Project description:Terminal olefins (1-alkenes) are natural products that have important industrial applications as both fuels and chemicals. However, their biosynthesis has been largely unexplored. We describe a group of bacteria, Jeotgalicoccus spp., which synthesize terminal olefins, in particular 18-methyl-1-nonadecene and 17-methyl-1-nonadecene. These olefins are derived from intermediates of fatty acid biosynthesis, and the key enzyme in Jeotgalicoccus sp. ATCC 8456 is a terminal olefin-forming fatty acid decarboxylase. This enzyme, Jeotgalicoccus sp. OleT (OleT(JE)), was identified by purification from cell lysates, and its encoding gene was identified from a draft genome sequence of Jeotgalicoccus sp. ATCC 8456 using reverse genetics. Heterologous expression of the identified gene conferred olefin biosynthesis to Escherichia coli. OleT(JE) is a P450 from the cyp152 family, which includes bacterial fatty acid hydroxylases. Some cyp152 P450 enzymes have the ability to decarboxylate and to hydroxylate fatty acids (in ?- and/or ?-position), suggesting a common reaction intermediate in their catalytic mechanism and specific structural determinants that favor one reaction over the other. The discovery of these terminal olefin-forming P450 enzymes represents a third biosynthetic pathway (in addition to alkane and long-chain olefin biosynthesis) to convert fatty acid intermediates into hydrocarbons. Olefin-forming fatty acid decarboxylation is a novel reaction that can now be added to the catalytic repertoire of the versatile cytochrome P450 enzyme family.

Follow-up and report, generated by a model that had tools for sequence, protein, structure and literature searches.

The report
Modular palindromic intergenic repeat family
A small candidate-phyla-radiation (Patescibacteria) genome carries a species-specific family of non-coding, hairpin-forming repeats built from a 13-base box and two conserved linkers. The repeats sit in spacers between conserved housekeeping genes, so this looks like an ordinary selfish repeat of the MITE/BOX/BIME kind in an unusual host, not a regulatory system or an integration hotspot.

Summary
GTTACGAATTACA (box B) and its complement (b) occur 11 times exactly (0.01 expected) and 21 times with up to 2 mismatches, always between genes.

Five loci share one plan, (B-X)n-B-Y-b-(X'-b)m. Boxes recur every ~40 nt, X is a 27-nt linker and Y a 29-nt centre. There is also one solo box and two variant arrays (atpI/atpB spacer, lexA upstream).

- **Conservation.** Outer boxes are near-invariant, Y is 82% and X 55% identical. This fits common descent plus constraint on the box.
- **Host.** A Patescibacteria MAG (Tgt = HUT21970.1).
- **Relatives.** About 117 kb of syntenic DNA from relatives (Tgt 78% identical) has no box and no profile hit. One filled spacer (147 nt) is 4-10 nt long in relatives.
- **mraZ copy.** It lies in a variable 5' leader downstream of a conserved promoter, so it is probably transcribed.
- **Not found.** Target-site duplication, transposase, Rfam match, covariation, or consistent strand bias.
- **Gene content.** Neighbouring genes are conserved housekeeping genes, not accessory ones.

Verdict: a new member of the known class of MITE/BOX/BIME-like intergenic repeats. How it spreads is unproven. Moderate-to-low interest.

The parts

Project description:Background:Biological ?-olefins can be used as both biofuels and high value-added chemical precursors to lubricants, polymers, and detergents. The prototypic CYP152 peroxygenase family member OleTJE from Jeotgalicoccus sp. ATCC 8456 catalyzes a single-step decarboxylation of free fatty acids (FFAs) to form ?-olefins using H2O2 as a cofactor, thus attracting much attention since its discovery. To improve the productivity of ?-olefins, significant efforts on protein engineering, electron donor engineering, and metabolic engineering of OleTJE have been made. However, little success has been achieved in obtaining ?-olefin high-producer microorganisms due to multiple reasons such as the tight regulation of FFA biosynthesis, the difficulty of manipulating multi-enzyme metabolic network, and the poor catalytic performance of OleTJE. Results:In this study, a novel enzyme cascade was developed for one-pot production of ?-olefins from low-cost triacylglycerols (TAGs) and natural oils without exogenous H2O2 addition. This artificial biocatalytic route consists of a lipase (CRL, AOL or Lip2) for TAG hydrolysis to produce glycerol and free fatty acids (FFAs), an alditol oxidase (AldO) for H2O2 generation upon glycerol oxidation, and the P450 fatty acid decarboxylase OleTJE for FFA decarboxylation using H2O2 generated in situ. The multi-enzyme system was systematically optimized leading to the production of ?-olefins with the conversion rates ranging from 37.2 to 68.5%. Furthermore, a reaction using lyophilized CRL/OleTJE/AldO enzymes at an optimized ratio (5 U/6 ?M/30 ?M) gave a promising ?-olefin yield of 0.53 g/L from 1500 ?M (~1 g/L) coconut oil. Conclusions:The one-pot enzyme cascade was successfully established and applied to prepare high value-added ?-olefins from low-cost and renewable TAGs/natural oils. This system is independent of exogenous addition of H2O2, thus not only circumventing the detrimental effect of H2O2 on the stability and activity of involved enzymes, but also lower the overall costs on the TAG-to-olefin transformation. It is anticipated that this biotransformation system will become industrially relevant in the future upon more engineering efforts based on this proof-of-concept work.